Property or estate inheritance can be complicated. However, a financial advisor or an expert like those at Flash Realty can help you figure everything out regarding property inheritance. There are some essential things to know about property inheritance in Texas, and we will go over those things in this article. So, keep reading if you’re looking to brush up your skills on property inheritance.
Property Inheritance Tax?
Texas has no inheritance or estate taxes, so that is good news! Texas repealed taxes in 2015. However, you should be aware that you might have to file some taxes on behalf of the deceased. Filings include the final individual federal and state income tax returns, federal estate/trust income tax returns, and a federal estate tax return.
Dying with a Will in Texas
If the deceased organized a will before passing, everything is covered because the will has everything laid out and will be executed exactly as the deceased wished. Therefore, inheritance laws only apply if the deceased did not leave a will. So, let’s look at what happens if no will was left by the deceased.
Dying Without a Will in Texas
Dying without a valid will leaves the distribution of assets up to the intestate succession process of the state of Texas. Texas divides them into community and separate property to differentiate who receives the assets.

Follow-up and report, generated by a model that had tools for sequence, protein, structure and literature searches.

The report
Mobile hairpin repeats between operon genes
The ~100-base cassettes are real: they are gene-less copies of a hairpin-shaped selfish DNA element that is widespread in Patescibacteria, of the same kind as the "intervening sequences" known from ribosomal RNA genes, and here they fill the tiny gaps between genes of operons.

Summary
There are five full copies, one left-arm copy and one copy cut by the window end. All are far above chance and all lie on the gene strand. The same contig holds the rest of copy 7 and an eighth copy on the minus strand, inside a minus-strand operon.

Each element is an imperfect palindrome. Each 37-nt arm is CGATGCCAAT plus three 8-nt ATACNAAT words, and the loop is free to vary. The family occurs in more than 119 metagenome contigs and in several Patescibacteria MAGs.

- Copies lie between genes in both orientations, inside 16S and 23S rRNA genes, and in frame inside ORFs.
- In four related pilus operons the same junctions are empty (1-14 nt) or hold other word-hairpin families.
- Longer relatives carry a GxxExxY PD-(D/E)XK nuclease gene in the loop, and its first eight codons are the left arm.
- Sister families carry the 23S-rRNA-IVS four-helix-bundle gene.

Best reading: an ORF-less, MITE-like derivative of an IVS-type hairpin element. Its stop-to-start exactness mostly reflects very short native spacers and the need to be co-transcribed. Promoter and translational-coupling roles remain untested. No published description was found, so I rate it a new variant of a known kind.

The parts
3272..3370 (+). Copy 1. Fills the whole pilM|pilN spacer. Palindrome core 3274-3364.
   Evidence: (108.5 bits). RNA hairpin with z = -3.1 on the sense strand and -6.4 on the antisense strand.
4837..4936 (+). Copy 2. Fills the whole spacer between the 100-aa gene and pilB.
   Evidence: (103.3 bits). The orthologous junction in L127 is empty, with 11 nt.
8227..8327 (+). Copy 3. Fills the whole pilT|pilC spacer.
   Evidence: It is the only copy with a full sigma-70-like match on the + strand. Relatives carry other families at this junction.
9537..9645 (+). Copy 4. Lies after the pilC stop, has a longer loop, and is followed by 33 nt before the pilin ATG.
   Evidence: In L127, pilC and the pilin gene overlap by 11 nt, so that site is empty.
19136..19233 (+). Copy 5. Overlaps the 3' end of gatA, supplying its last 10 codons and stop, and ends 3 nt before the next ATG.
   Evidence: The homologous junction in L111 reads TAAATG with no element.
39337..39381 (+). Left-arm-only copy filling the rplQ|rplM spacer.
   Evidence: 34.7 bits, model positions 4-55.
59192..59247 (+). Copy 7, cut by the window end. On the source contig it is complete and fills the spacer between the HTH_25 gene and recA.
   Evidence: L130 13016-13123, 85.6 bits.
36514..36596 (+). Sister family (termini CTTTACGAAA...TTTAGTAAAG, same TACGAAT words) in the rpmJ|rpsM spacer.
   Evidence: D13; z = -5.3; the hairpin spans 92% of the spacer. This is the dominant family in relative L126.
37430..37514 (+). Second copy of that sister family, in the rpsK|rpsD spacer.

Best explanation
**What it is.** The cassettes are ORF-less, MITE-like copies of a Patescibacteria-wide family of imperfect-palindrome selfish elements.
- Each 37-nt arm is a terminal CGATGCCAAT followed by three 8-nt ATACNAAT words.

If you are married, any property attained after your marriage is considered community property and jointly owned by you and your spouse. However, inheritances and gifts acquired during the marriage do not automatically become community property. Mixing inheritances or gifts into a joint bank account with the spouse can make them community property.
Separate property belongs solely to you as personal or real property. Personal property is anything that isn’t fixed to the ground, such as a car or investments. So anything fixed to the ground like a homestead is real property.
The most important thing to note is that Texas does not have an estate or inheritance tax. Therefore, your assets will be distributed through the state’s intestate succession process without a will. The laws of this process only affect assets that would’ve typically been covered in a will. If you want to know more about property inheritance in Texas and the specifics, contact Flash Realty. We can help you navigate the situation and understand everything you need to know. So, contact us today if this is a situation you need assistance with or want to understand more about the subject in general.